A living family member may also donate a segment of his or her liver that is the right size for the recipient. This type of transplant is called a “living-related” donor transplant. Children who receive segments seem to do as well as those who receive whole livers. Living-related donors can live healthy lives with the segment of liver that remains.

    The United Network for Organ Sharing (UNOS) is responsible for transplant organ distribution in the United States. UNOS oversees the assignment of all solid organ transplants, including liver, kidney, pancreas, intestine, heart and lung.

    UNOS receives information from hospitals and medical centers throughout the country about adults and children who need organ transplants. The liver transplant team at Cincinnati Children's is responsible for sending information to UNOS and updating this information as your child's condition changes.

    Standards, or criteria, have been developed by UNOS to ensure the waiting list is fair and accurate. UNOS evaluates factors such as patient size, the severity of the patient’s condition and size and blood-type match of donor livers.

    Once UNOS receives the data from hospitals, people waiting for a transplant are placed on a waiting list and given a “status” code. The people in most urgent need of a transplant are placed highest on the list and are given first priority when a donor liver becomes available.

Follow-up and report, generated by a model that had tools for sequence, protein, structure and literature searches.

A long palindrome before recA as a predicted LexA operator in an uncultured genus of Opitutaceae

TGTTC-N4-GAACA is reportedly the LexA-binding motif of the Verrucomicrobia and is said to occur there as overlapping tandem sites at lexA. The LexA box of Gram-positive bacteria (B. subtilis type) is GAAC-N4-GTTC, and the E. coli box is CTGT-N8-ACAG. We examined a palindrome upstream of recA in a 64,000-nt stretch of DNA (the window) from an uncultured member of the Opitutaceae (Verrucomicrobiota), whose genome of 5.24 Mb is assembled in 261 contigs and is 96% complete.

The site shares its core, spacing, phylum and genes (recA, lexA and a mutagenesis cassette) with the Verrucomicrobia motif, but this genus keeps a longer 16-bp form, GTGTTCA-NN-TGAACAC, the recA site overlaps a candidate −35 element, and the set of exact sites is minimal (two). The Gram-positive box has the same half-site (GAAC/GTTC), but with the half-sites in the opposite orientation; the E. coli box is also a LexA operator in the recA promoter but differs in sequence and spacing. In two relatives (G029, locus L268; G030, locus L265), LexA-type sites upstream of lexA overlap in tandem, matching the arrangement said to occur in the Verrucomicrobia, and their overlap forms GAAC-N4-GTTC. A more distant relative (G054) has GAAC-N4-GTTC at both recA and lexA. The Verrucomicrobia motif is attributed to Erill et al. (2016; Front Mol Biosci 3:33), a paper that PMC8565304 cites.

The system used to prioritize patients waiting for liver transplants is based on statistical formulas that are used to predict which patients are most likely to die soon without a liver transplant.

    UNOS uses the Model for End-Stage Liver Disease (MELD) score for adolescent and adult patients and the Pediatric End-Stage Liver Disease (PELD) score for children.

    A patient's score may go up or down over time depending on the status of his or her liver disease. That is why it is important for all patients to have their MELD or PELD score reassessed on a regular basis while on the waiting list.

    Getting a liver that is right for your child is one of the most unpredictable steps of the transplant process. We can’t predict when a good match will become available, but our team works closely with UNOS to make sure that when a liver becomes available it’s the right size and blood type for your child, and is healthy and ready to be transplanted.